Posts Tagged ‘Faith’

Catholics, Jews, and mainline Protestants have lower divorce rates than Americans of other religious backgrounds.

read more… http://family-studies.org/what-god-has-joined-together-religion-and-the-risk-of-divorce/?utm_source=IFS+Main+List&utm_campaign=60864c3afc-Newsletter_94&utm_medium=email&utm_term=0_c06b05f1ff-60864c3afc-104541745

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In God’s gates

Enter into His gates with thanksgiving, And into His courts with praise. Be thankful to Him, and bless His name. Psalm 100:4 (NKJV)

A new study finds that faith or religion can do more to provide “sustained happiness” than other types of social activities, like taking a class, volunteering for charity, or even playing sports.  Writing for TODAY, Eun Kyung Kim[i] explains that “Going to church, mosque or synagogue regularly often provides a more reliable boost in mental welfare than belonging to an active group like a book club, political organization or a sports team.”

According to researcher Mauricio Avendano of the London School of Economics (LSE) and Erasmus University Medical Center in the Netherlands. “The church appears to play a very important social role in keeping depression at bay and also as a coping mechanism during periods of illness in later life.”  American psychologist Jennifer Harstein added that religion tends to have longer lasting power than other types of activities for many people.  Religion has permanence in our life.  As she said, “Our religious affiliation is something that’s longer term. You can go, you can leave, it’s always there.  It’s sustained, like the happiness, whereas a sports group ends. It might be seasonal. Or a volunteer opportunity might end.”

While sports, politics, or hobbies can play an important role in our lives, religion tends to reach a deeper level for us.  As Harstein explained, “We know that spirituality is something that really helps people feel like they find that higher power, they find that center, that groundedness”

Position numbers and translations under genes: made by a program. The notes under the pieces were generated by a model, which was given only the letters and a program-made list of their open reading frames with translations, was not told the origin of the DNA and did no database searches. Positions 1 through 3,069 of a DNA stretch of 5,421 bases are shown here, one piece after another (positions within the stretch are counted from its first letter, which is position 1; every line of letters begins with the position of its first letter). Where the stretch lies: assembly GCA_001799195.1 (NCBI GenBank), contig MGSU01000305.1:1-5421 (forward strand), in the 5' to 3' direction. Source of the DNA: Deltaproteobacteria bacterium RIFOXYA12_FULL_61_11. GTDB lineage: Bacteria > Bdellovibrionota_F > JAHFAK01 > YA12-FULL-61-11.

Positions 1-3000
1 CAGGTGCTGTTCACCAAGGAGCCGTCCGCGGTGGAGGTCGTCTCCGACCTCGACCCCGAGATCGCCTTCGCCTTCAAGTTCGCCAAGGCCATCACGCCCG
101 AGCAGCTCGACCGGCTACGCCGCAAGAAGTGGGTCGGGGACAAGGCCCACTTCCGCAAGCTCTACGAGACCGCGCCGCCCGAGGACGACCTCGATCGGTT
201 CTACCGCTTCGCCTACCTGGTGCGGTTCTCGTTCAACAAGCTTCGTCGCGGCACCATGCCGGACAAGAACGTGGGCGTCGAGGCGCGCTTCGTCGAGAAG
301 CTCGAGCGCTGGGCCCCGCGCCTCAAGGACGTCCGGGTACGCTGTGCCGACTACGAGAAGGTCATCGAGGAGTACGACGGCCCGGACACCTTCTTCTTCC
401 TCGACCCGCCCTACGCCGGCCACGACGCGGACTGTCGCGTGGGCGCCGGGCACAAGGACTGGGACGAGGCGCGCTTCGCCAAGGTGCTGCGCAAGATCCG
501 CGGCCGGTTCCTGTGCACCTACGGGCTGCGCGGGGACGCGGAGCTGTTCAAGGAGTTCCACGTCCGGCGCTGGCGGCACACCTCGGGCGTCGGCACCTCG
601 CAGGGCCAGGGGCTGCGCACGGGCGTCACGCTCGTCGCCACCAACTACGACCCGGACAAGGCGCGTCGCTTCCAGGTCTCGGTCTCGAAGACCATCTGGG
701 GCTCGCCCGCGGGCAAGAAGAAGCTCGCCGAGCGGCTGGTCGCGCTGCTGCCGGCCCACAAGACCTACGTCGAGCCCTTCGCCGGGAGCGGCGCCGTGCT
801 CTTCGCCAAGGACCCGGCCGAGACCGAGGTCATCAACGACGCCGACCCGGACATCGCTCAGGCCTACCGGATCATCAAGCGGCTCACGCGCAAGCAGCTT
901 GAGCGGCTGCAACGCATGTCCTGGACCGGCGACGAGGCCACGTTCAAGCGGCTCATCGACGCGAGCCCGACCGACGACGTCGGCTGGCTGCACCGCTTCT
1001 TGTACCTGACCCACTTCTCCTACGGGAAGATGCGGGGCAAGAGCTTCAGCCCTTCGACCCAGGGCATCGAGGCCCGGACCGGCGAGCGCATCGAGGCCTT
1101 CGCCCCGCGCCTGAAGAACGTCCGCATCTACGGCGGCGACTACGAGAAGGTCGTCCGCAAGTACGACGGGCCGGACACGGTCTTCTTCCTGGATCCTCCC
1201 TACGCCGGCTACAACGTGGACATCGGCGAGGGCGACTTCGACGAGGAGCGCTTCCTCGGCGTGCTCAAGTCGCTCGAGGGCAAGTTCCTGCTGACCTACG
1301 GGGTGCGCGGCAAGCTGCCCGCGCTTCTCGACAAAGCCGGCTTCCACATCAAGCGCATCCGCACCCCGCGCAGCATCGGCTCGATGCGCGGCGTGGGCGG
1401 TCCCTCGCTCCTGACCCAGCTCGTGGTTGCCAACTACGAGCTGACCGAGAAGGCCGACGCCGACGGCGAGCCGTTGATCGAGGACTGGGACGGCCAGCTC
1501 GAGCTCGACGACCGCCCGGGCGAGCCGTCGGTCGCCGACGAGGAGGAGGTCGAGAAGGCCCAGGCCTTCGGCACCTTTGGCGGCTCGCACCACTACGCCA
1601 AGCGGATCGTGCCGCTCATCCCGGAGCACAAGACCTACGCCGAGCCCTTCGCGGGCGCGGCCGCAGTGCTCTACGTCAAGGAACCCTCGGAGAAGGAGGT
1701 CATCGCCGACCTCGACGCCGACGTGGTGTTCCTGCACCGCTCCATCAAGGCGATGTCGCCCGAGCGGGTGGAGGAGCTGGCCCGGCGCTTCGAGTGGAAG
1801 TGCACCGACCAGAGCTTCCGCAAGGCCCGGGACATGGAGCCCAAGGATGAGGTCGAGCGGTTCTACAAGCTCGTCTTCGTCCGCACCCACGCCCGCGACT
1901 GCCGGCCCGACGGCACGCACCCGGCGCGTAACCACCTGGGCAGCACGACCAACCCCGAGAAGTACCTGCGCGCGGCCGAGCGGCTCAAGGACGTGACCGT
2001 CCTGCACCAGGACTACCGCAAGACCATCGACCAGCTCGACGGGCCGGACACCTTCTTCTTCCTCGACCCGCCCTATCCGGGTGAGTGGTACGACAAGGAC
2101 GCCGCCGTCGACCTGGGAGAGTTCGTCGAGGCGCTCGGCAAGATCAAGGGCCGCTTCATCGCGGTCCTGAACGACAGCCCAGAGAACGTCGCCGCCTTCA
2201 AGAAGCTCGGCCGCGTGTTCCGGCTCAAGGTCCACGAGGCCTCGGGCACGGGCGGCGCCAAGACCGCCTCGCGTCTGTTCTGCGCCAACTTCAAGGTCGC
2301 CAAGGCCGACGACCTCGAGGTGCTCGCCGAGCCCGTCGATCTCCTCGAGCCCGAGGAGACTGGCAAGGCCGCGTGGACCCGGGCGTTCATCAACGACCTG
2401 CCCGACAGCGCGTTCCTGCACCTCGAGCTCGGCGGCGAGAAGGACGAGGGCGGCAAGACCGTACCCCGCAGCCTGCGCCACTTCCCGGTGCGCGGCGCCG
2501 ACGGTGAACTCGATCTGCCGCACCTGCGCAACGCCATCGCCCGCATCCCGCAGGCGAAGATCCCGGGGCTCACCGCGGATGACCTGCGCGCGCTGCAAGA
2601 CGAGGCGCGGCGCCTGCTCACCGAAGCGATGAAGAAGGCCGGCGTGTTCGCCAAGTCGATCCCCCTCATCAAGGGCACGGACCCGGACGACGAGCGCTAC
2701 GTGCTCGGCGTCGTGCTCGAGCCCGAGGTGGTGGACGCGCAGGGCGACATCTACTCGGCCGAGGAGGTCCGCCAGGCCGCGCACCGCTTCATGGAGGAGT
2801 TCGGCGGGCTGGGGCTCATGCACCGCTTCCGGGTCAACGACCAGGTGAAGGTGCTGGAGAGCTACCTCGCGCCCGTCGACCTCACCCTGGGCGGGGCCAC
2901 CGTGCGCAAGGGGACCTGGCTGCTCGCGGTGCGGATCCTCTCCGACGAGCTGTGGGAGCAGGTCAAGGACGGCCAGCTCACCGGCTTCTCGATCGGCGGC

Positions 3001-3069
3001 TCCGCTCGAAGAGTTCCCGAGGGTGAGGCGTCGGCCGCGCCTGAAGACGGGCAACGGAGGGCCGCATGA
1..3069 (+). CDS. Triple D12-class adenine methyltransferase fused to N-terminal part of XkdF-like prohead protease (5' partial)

The study from LSE study also found that religion also helped ease symptoms of depression and help the sick cope better with their illness. One of the reasons this is so is because houses of worship often help lessen burdens for people.  When we go to church we get to present our burdens to God, and share them with people who care about us and who pray, support, and encourage us.  That gives us a powerful boost even in the most discouraging of circumstances.  This is something that social clubs, sports, or politics can’t ever do for us.

Father God, may I be blessed as I enter within your gates weekly, and may I also be a helper to those that come to your courts for help.

[i] http://www.today.com/health/study-religion-faith-can-help-provide-sustained-happiness-t39036

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Then they laid hands on them, and they received the Holy Spirit. Acts 8:17 (NKJV)

We continue with the five ways you can help your children grow and mature in the faith as suggested by Karen Huber[i] Yesterday we talked about the importance of worshipping and serving together as a family.

Encourage questions.  One way to learn to ask questions is by using a board game called “The Ungame.”  The Ungame is a wonderful game to teach us to communicate better by practicing both talking and active listening.  The game includes several cards with questions which can serve as icebreakers in general or for couples.  One set in particular has questions for spiritual understanding.  For instance, “What does baptism mean to you?”  “Who is Jesus?”  A question like, “A time when it helps me to remember God’s promises is … ” can encourage your child to place God’s word in his or her everyday life. These types of questions and conversation starters may lead your child to reflect on their understanding of God and their faith.  We don’t want children to simply memorize and respond like robots or computers; we want them to live and experience faith in God.   You can also make these conversation starters a habit at the breakfast table or at bedtime and allow the conversation to go where God leads.